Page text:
Under current federal and state law, school districts MUST provide appropriate behavior-related services and supports, including detailed functional behavioral assessments and positive behavioral intervention plans when needed, whenever a student has behaviors that interfere with that student’s or another student’s learning. [Cal. Ed. Code Sec. 56520(b)(3).
If your child has behaviors which interfere with your child’s or another child’s learning, federal law requires that the IEP team consider which behavior supports and strategies and other services are needed so that your child can benefit from education in the least restrictive environment. [34 C.F.R. Sec. 300.324(a)(2), (b)(2); Cal. Ed. Code Sec. 56521.2(b).] The school district has to provide the type of assessment, plan, services or supports that your child’s IEP team determines are necessary to help your child with her behavior. Your child’s behavior should not prevent her from receiving the opportunity to benefit from education or to be educated in a less restrictive setting.
If your child has serious behaviors, such as aggressive or self-injurious behaviors, the IEP team should consider whether your child needs a Functional Behavioral Assessment (FBA) or Behavior Intervention Plan (BIP) along with considering other services or strategies to address his or her behavior needs. If your child has had a BIP that has not been effective in addressing your child’s challenging behavior, you should point this out to the IEP team and request that your child receive a detailed FBA so that the IEP team has enough information to develop a more detailed BIP.
Remember that before a student with a disability can be expelled, the district must conduct a manifestation determination meeting. If a district wishes to expel a student for a behavior that has been targeted for change under a BIP included in the student’s IEP, the IEP team would almost certainly have to find that the behavior was a manifestation of the student’s disability. Also, the district may have failed to implement the BIP called for in the IEP. Under either circumstance, expulsion would be prohibited. Therefore, you must make sure that your child’s BIP specifically addresses your child’s behaviors in a comprehensive way. This will better protect your child against a referral for expulsion for any of those behaviors.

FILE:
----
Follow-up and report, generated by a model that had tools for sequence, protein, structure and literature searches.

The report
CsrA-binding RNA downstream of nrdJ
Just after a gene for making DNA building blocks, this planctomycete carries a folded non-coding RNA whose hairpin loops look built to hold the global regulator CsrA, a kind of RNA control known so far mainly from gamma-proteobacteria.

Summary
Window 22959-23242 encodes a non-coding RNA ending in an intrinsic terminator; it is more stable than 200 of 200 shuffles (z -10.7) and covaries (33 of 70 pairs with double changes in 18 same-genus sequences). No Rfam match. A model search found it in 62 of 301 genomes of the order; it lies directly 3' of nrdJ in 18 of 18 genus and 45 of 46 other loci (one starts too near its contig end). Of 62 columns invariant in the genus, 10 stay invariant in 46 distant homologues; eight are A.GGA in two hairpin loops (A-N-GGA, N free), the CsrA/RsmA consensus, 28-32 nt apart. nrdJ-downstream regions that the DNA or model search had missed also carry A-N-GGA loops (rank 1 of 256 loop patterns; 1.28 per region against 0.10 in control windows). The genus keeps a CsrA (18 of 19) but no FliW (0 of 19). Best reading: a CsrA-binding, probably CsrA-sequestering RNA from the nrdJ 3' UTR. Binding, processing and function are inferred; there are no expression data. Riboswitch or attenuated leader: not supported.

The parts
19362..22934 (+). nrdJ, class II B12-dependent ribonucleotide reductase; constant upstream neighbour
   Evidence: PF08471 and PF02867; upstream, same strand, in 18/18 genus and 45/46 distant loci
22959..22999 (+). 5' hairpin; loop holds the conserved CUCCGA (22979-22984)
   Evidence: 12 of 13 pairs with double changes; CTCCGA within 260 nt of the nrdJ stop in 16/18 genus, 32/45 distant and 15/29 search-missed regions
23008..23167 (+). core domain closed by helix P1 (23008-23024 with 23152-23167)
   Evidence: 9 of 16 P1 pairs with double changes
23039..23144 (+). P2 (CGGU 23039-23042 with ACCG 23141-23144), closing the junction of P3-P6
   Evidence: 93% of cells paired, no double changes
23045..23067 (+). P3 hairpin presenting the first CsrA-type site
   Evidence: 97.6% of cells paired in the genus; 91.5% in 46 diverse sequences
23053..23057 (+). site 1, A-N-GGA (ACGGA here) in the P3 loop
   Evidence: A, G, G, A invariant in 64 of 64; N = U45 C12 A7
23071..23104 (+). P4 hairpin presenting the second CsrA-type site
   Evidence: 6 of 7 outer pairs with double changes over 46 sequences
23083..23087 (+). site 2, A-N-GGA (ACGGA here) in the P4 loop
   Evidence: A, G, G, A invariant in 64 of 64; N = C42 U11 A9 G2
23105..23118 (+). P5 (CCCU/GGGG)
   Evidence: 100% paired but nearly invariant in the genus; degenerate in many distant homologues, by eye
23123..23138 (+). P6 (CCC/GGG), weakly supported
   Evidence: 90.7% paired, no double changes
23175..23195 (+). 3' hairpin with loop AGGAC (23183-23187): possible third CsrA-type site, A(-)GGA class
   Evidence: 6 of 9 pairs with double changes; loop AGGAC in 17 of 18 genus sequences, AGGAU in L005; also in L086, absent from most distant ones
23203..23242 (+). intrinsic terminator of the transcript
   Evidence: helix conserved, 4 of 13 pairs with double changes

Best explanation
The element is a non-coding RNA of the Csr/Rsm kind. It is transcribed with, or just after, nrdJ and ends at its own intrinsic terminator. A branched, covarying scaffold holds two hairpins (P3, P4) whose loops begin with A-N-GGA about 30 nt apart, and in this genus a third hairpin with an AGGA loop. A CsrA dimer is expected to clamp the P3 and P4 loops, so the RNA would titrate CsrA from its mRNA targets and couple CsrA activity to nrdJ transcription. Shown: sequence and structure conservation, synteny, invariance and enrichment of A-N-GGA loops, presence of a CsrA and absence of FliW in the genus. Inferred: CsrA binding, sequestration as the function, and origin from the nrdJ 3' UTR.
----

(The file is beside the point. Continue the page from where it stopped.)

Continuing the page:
School districts may suspend special education students for misconduct even though the behavior involved is targeted for change in the student’s BIP (subject to the suspension limitations discussed above). In recent guidance, however, the Office of Special Education and Rehabilitation Services (OSERS) stated that the IDEA does not provide school personnel with the broad authority to suspend for fewer than ten days without regard to whether the child’s IEP or BIP is properly addressing his or her behavioral needs. In other words, a series of suspensions of 10 days or fewer may indicate that the child’s IEP is not reasonably calculated to provide a meaningful educational benefit, and that the IEP team should address the need for additional behavioral supports. [OSERS, Dear Colleague Letter on the Inclusion of Behavioral Supports in Individualized Education Plans, available at: https://www2.ed.gov/policy/gen/guid/school-discipline/files/dcl-on-pbis-in-ieps–08-01-2016.pdf.]